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Avandia Reports Raise More Concerns

Feb 21, 2010 | Parker Waichman LLP

An Avandia report from the Senate Finance Committee  says GlaxoSmithKline knew for years about the drug’s heart attack risks years before they became public, but took steps to keep them quiet.  Meanwhile, it seems that some Food & Drug Administration (FDA) reviewers have called for Avandia to be removed from the market.

The Senate report is the result of a 2-year investigation of Avandia. According to CNN, it draws from more than 250,000 pages of documents provided by Glaxo, the FDA and several research institutes, as well as interviews with officials from both the company and agency, as well as well as anonymous whistleblowers. The report was signed by U.S. Senator Max Baucus, a Democrat and committee chairman, as well as Sen. Chuck Grassley, the top-ranking Republican on the committee.

According to the report, in July 2007 the FDA’s own scientists estimated that Avandia was responsible for more than 80,000 heart attacks. The report maintains that some of those could have been avoided if Glaxo had considered Avandia’s cardiovascular risks in 1999 when they were first raised. Instead, the report maintains that Glaxo tried to undermine criticism of the drug:

“GSK executives attempted to intimidate independent physicians, focused on strategies to minimize or misrepresent findings that Avandia may increase cardiovascular risk and sought ways to downplay findings that a competing drug might reduce cardiovascular risk,” the report says.

The Senate committee report doesn’t address whether sales of Avandia should end, but some at the FDA think that's what should happen.  According to a report published in The New York Times, an October 2008 internal FDA memo authored by Dr. David Graham and Dr. Kate Gelperin recommends that Avandia be removed from the market. Graham had argued to an advisory panel in 2007 that Avandia sales should be stopped, but the panel voted 22-1 to recommend it remain on the market.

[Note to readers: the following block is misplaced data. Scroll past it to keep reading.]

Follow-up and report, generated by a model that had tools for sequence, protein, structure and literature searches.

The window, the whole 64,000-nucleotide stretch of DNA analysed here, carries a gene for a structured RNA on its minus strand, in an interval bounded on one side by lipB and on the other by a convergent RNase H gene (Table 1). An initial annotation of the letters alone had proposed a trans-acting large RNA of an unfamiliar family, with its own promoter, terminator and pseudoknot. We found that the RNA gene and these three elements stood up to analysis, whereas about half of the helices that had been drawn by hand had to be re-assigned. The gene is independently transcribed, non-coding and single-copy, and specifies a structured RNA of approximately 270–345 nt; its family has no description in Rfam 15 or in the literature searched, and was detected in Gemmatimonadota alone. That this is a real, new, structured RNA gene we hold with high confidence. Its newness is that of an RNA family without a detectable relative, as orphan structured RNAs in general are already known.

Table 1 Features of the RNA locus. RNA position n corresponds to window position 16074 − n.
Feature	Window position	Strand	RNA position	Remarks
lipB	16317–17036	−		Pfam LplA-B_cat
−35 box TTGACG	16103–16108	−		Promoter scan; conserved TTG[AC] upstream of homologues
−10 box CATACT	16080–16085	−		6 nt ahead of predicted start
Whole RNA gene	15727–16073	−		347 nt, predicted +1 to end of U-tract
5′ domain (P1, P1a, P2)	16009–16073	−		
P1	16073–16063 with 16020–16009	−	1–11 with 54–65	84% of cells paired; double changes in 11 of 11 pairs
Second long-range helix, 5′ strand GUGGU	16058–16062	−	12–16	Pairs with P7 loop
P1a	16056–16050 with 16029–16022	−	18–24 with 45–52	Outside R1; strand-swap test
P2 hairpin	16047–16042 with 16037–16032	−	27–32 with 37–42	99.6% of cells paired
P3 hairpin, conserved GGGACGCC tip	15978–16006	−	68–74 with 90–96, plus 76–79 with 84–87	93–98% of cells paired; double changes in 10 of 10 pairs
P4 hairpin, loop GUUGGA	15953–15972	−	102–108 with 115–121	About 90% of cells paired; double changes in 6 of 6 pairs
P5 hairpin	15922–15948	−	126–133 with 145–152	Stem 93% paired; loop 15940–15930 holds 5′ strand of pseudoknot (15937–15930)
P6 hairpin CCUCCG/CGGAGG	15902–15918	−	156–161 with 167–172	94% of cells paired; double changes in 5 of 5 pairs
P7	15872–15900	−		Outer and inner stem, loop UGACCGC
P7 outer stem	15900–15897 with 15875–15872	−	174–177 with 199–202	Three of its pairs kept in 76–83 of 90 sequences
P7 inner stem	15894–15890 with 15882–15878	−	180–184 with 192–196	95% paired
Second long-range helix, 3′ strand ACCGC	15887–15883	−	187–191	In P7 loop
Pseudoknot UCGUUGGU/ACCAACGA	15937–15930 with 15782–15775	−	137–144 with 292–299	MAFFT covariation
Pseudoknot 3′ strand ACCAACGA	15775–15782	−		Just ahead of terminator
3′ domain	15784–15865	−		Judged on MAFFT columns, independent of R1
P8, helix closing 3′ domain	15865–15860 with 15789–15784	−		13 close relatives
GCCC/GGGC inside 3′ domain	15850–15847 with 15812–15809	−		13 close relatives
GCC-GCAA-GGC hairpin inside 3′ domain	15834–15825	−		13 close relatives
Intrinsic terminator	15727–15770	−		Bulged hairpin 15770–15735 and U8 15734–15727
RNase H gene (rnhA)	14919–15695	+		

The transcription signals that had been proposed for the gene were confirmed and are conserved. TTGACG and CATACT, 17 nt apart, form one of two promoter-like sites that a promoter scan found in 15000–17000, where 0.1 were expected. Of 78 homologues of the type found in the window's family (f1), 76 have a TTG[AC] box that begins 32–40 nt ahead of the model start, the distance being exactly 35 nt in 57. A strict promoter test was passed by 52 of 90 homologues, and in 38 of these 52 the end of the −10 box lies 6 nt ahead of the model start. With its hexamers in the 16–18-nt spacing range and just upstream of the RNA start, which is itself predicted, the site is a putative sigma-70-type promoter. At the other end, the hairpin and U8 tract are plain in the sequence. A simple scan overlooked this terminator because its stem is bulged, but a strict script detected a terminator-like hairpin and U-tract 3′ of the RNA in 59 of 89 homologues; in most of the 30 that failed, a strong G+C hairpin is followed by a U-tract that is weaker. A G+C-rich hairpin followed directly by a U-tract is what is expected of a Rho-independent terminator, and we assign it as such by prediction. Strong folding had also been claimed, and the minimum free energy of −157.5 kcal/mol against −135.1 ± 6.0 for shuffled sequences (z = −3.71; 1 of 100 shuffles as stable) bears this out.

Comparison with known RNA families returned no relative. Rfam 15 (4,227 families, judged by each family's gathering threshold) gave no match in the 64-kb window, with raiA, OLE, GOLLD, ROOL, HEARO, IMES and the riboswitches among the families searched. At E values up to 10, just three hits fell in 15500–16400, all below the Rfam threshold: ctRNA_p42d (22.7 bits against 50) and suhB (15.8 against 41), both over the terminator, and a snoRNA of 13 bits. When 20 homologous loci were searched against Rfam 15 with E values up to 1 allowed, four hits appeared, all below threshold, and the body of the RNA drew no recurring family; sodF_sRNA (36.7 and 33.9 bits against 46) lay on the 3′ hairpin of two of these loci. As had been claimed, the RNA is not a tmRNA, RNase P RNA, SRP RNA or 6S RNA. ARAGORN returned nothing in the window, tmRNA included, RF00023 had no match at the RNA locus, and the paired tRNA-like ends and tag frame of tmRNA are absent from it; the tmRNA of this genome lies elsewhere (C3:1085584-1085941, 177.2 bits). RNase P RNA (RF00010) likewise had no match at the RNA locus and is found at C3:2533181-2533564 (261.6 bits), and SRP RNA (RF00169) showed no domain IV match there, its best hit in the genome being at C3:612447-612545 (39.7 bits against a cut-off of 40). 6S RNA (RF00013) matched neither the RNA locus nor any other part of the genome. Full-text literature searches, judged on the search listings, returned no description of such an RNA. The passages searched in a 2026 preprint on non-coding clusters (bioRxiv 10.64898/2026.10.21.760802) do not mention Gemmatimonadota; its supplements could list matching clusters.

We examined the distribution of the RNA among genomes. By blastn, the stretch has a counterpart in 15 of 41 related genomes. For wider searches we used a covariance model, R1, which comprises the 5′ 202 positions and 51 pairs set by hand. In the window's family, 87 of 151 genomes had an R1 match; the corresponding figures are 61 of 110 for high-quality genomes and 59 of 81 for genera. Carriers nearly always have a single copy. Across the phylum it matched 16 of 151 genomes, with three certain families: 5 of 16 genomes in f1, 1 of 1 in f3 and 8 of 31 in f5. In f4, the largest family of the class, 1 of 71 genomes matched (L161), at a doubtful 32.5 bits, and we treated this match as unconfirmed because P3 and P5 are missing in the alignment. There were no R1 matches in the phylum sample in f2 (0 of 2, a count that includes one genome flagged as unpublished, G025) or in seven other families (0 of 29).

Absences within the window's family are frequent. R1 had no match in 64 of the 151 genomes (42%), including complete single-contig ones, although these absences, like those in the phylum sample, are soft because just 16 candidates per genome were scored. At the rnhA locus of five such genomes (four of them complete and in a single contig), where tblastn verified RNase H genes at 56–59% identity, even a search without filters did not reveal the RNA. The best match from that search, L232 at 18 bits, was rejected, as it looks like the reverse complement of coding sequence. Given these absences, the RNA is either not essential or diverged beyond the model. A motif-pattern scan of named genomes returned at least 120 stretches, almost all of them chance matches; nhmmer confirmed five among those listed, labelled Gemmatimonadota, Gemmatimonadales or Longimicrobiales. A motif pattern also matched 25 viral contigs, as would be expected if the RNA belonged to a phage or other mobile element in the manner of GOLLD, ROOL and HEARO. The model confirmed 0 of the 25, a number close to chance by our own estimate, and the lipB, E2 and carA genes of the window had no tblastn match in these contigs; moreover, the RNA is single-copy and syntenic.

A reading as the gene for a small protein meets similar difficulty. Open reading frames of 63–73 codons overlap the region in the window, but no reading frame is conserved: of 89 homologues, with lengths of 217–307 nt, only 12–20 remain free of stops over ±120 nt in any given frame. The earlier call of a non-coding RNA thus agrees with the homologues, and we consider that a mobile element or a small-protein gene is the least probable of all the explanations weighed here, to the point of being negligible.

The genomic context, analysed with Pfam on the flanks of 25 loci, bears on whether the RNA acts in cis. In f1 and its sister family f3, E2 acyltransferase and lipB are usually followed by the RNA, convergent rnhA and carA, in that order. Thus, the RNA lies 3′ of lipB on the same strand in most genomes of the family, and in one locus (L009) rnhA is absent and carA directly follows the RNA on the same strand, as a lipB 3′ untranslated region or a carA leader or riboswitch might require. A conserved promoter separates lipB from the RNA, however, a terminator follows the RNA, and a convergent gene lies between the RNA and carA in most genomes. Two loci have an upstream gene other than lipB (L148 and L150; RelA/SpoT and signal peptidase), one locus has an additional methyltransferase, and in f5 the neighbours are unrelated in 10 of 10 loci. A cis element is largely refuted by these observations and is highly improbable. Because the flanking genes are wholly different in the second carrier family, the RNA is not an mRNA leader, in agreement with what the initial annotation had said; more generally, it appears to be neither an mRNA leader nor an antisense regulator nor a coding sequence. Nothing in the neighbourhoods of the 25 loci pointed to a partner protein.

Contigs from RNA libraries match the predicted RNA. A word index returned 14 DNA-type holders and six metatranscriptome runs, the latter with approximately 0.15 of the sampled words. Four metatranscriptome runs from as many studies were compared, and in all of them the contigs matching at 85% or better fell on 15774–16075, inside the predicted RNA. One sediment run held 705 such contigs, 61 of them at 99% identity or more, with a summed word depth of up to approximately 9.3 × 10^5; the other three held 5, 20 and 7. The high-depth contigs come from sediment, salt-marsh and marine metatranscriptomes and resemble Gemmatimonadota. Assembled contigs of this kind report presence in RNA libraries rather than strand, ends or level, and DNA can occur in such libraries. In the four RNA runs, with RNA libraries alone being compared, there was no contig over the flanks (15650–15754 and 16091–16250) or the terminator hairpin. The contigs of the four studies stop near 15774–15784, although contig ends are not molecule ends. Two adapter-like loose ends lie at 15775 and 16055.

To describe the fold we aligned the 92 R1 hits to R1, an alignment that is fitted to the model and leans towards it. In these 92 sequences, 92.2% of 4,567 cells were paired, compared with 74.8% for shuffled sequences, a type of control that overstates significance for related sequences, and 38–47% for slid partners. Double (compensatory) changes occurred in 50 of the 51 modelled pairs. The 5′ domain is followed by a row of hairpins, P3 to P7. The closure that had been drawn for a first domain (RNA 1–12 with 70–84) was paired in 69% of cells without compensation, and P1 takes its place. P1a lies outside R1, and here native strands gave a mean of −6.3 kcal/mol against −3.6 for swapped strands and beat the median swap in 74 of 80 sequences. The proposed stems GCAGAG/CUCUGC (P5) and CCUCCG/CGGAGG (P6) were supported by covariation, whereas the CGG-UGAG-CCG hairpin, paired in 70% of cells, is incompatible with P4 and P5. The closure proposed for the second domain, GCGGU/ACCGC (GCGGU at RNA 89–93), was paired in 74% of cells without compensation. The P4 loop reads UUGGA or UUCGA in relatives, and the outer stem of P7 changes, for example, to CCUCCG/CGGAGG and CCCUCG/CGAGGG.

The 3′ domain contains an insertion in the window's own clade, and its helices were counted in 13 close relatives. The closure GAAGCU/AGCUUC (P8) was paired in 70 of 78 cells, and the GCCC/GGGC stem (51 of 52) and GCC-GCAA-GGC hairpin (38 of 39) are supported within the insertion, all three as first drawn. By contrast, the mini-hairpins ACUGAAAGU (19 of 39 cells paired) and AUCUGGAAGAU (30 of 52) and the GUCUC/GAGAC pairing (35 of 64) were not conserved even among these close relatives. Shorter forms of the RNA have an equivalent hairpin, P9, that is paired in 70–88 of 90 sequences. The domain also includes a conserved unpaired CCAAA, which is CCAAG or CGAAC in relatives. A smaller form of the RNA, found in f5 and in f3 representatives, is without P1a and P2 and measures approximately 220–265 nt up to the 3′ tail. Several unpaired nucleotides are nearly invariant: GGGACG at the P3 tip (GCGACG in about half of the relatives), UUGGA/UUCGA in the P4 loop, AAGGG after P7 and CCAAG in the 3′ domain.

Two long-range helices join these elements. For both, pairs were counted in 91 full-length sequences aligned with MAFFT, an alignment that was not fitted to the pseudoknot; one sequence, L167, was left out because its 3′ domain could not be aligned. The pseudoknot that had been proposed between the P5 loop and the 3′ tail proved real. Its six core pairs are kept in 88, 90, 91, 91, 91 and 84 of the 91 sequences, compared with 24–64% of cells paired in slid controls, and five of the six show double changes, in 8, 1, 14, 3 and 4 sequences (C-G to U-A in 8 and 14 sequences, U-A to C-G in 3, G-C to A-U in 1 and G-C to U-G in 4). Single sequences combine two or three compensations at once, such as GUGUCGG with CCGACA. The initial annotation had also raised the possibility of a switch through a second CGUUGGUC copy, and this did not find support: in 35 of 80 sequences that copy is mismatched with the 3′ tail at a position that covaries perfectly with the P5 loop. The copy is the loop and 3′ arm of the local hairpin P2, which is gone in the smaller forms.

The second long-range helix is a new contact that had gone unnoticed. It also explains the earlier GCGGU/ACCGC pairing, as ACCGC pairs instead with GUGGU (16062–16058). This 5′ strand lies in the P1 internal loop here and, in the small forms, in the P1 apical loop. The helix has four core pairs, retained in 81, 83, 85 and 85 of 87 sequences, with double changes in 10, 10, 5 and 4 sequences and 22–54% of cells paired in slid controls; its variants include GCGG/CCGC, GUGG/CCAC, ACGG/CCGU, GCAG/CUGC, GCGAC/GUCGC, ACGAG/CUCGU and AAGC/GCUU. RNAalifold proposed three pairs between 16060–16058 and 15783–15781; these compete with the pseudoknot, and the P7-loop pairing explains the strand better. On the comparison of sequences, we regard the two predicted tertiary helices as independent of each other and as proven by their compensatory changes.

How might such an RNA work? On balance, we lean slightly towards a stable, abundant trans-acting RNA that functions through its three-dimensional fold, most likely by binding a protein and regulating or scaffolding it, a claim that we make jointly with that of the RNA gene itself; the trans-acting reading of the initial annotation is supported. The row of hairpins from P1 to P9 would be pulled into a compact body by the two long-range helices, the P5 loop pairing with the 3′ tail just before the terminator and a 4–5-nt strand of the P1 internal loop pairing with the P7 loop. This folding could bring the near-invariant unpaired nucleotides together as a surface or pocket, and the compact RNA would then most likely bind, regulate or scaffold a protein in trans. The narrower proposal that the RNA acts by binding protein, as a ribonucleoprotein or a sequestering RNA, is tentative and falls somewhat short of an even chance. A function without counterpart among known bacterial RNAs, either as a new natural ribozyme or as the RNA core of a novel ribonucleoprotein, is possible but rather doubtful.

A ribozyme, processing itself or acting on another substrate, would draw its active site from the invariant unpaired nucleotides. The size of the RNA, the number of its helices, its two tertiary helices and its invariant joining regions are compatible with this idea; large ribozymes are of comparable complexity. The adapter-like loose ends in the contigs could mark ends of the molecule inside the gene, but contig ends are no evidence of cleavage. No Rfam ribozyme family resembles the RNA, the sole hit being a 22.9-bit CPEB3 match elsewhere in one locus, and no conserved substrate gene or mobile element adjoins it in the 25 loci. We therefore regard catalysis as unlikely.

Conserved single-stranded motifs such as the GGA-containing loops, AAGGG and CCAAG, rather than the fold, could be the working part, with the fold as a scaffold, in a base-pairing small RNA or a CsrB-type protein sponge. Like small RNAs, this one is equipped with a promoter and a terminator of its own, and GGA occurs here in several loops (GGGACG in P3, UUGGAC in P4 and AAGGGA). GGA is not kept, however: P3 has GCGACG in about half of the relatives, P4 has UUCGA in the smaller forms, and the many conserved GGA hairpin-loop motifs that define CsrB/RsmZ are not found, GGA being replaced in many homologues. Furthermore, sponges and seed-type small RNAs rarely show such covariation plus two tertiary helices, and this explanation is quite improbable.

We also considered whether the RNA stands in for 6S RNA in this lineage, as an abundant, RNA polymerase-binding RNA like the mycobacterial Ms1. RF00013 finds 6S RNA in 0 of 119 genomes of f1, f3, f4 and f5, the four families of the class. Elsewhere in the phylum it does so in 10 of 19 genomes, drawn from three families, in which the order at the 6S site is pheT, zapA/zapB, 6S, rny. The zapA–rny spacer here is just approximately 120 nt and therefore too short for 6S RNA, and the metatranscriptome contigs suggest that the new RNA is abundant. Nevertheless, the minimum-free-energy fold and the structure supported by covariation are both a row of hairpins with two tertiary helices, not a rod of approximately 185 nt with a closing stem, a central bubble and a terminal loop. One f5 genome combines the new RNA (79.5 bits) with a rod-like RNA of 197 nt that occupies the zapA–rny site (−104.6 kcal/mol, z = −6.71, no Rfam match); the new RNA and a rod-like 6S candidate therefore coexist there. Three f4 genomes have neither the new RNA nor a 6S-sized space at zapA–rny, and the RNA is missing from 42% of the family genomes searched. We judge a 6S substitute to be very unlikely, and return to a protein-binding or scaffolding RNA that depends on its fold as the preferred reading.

According to the memo, 500 heart attacks and 300 cases of heart failure could be avoided each month if diabetics taking Avandia took Actos instead. Avandia was linked to 304 deaths during the third quarter of 2009.

According to The New York Times, Graham and Gelperin also argued in two separate internal reports that a new GlaxoSmithKline study, called TIDE, is “unethical and exploitative” because patients given Avandia face far greater risks than those given Actos, with no promise of any additional benefit. The FDA ordered the study in 2007 to give a definitive picture of Avandia’s safety. The trial, which will involve 16,000 participants, is still enrolling patients.

Dr. Janet Woodcock, director of the FDA’s drug center, ordered that another FDA panel be convened to reconsider whether Avandia should stay on the market, after writing in a December 2009 memo that “there are multiple conflicting opinions” about Avandia within the agency. According to the Times, the advisory panel meeting is expected to take place this summer.

Avandia’s cardiovascular problems have been the subject of concern since May 2007, when an analysis of 42 clinical trails published by the Cleveland Clinic showed that patients taking the drug had a 43-percent higher risk of having a heart attack. In November 2007, a black box warning – the FDA’s strongest safety warning – detailing Avandia’s association with myocardial ischemia was added to the drug’s labeling. Since the May 2007 study highlighting Avandia’s heart risks was released, thousands of people injured by the drug have filed lawsuits against Glaxo.

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